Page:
Last April, two Republicans in the Ohio House told lawmakers their “constitutional carry” bill would ease the bureaucratic hassle of undergoing training and a background check to obtain a license to carry a concealed weapon. But they did not write the speech. Chris Dorr, a lobbyist and executive director of Ohio Gun Owners, did. Metadata attached to a copy of their testimony on the Legislature’s website shows his name as the author of the document. Dorr writing the testimony is among the clearest signs of the close working relationship between gun lobbyists and Republican lawmakers.

Ohio Ohio Regulatory Judge Steps Back from FirstEnergy’s HB 6 Cases After Subpoenaed Records Reveal His Role
Energy News Network – Kathiann Kowalski | Published: 3/7/2022

An Ohio regulatory official stepped away from four FirstEnergy regulatory cases after subpoenaed documents showed he took part in policy matters relating to House Bill 6, the nuclear and coal bailout law at the heart of an ongoing corruption scandal. The materials show Gregory Price, a hearing examiner overseeing House Bill 6 cases for the Public Utilities Commission of Ohio (PUCO), was included in policy communications with former PUCO Chairperson Sam Randazzo before the law passed and when bills to repeal it were proposed in the wake of the arrests of former Ohio House Speaker Larry Householder and others.

Tennessee Ex-Tennessee Rep Pleads Guilty to Fraud in Consulting Scheme
MSN – Jonathan Mattise (Associated Press) | Published: 3/8/2022

Former Tennessee Rep. Robin Smith pleaded guilty to a federal wire fraud charge in connection with a political consulting firm involving state Rep. Glen Casada, who had served as House speaker. Prosecutors say Smith, Casada, and Casada’s then-chief of staff, Cade Cothren, used the firm to illegally funnel money to themselves through both campaign and taxpayer-funded work while concealing their involvement. Casada resigned from the top leadership post in 2019 after revelations he exchanged sexually explicit text messages about women with Cothren.

Texas Ethics Commission Fines Republican $30K for Implying Black Democrats Endorsed Him
Yahoo News – | Published: 3/8/2022

Eric Dick, who lost his bid for a seat on its Houston City Council in 2019, was fined $30,000 by the Texas Ethics Commission after falsely claiming he had been endorsed by a group of Black Democrats. Dick was running for office when he sent out an endorsement mailer by a group called the Harris County Black Democratic News. One side of the mailer had a banner that read, “Endorsement Announcement.” Dick originally told the commission he was not behind the mailer. But an investigation discovered he requested the mailer, approved the design, and arranged for its payment.

Vermont Vermont Is One of Five States Without a Statutory Code of Ethics. A Bill in the Senate Seeks to Change That
Vermont Public Radio – Peter Hirschfeld | Published: 3/8/2022

The Vermont Senate is poised to advance legislation that would create a statutory code of ethics for elected officials and state employees, but government watchdogs continue to face resistance to an independent agency to enforce the code. Vermont is one of only five states without a statutory code of ethics. “In order to have a really solid framework for government ethics, an outside entity such as the ethics commission does need to have some kind of investigatory or enforcement power,” said Christina Sivret, executive director of the state Ethics Commission. “However, we envision that to be a very slow process. People are not even used to having a statutory code of ethics in place.”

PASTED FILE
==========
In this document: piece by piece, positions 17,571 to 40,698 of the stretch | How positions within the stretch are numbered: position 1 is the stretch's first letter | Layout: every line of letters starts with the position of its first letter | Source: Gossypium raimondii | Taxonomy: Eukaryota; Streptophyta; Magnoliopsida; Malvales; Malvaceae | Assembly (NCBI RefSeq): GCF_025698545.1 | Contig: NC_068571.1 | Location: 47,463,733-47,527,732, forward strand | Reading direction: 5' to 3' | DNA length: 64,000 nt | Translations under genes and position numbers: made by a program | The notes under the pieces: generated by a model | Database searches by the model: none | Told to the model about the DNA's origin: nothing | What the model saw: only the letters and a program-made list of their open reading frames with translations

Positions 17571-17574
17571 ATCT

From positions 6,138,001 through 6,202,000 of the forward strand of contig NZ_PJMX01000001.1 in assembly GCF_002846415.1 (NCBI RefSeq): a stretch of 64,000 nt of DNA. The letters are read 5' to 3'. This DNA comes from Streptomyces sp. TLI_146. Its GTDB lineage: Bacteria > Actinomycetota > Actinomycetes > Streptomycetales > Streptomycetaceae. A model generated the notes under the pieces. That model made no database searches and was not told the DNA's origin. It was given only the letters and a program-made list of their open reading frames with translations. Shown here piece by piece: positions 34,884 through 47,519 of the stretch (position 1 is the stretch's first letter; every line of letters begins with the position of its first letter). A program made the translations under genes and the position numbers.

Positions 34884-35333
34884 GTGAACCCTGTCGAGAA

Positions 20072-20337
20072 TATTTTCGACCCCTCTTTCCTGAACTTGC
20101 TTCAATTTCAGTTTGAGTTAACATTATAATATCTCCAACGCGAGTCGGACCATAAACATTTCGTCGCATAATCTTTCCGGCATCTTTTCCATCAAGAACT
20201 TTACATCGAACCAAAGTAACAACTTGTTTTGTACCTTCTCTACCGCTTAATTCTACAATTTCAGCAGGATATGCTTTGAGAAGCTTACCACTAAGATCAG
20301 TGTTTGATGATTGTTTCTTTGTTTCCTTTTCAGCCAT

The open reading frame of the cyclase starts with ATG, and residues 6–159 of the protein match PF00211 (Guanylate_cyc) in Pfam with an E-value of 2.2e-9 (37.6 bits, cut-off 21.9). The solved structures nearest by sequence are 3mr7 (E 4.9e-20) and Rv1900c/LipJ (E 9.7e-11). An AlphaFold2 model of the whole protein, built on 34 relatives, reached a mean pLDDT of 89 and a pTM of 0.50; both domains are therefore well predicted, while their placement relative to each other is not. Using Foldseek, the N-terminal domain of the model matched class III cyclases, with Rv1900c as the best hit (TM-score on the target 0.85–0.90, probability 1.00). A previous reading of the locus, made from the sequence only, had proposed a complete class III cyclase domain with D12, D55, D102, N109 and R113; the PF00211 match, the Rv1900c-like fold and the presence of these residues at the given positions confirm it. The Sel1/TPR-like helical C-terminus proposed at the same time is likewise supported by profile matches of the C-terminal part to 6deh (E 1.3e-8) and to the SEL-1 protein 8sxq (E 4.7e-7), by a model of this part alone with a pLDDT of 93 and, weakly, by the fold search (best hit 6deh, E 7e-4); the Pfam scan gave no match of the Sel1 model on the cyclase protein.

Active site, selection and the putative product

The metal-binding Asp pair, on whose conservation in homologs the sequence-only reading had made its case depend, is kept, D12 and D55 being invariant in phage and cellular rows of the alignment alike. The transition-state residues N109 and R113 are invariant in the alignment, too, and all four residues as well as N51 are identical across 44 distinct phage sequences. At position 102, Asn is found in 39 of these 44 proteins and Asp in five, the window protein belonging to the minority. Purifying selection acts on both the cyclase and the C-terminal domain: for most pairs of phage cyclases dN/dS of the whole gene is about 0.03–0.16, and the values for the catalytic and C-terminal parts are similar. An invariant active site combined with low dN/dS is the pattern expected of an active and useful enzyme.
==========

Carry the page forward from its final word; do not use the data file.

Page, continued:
Washington WA Attorney General Bob Ferguson Announces $9M Settlement in Grocery Industry Campaign-Finance Case
Seattle Times – Jim Brunner | Published: 3/2/2022

A trade group that represents some of the biggest U.S. food companies agreed to pay $9 million for violations of Washington’s campaign finance law after the state Supreme Court upheld a penalty twice that much. The Consumer Brands Association will pay the fine and drop an expected appeal to the U.S. Supreme Court. The settlement will finally end a long legal battle stemming from a 2013 ballot initiative that sought to require labeling of genetically modified food products. Documents showed the group sought to conceal the identities of corporations that wrote big checks to fund its campaign.

Washington DC The Tiny Radio Station Broadcasting Russian Propaganda in D.C.
WFPL – Paul Farhi (Washington Post) | Published: 3/7/2022

WZHF, a former Spanish-language station 11 miles east of the White House in Maryland’s Capitol Heights, is the flagship of Russian President Vladimir Putin’s effort to harness America’s radio airwaves to sell the Kremlin’s point of view. Despite periodic legal and political challenges, and the imposition of sanctions against Russia for its invasion of Ukraine, the station has stayed on the air, broadcasting its Kremlin-approved message. The station is one of only five outlets in the U.S. that air English-language broadcasts of “Radio Sputnik,” produced in Moscow and Washington under the Russian government’s supervision.

Wyoming Crossover Voting Ban Dies, Other Election Legislation Prevails
WyoFile – Maggie Mullen | Published: 3/9/2022

Election reforms trumpeted by the Wyoming Republican Party failed this session. Meanwhile, two campaign finance bills passed, along with one to ease the absentee ballot process for clerks. House Bill 49 requires any organization that receives or spends funds in excess of $1,000 for the purpose of influencing an election outcome to officially file as a political organization. House Bill 80 would increase the penalties for campaigns and PACs that do not file an itemized statement of contributions and expenditures.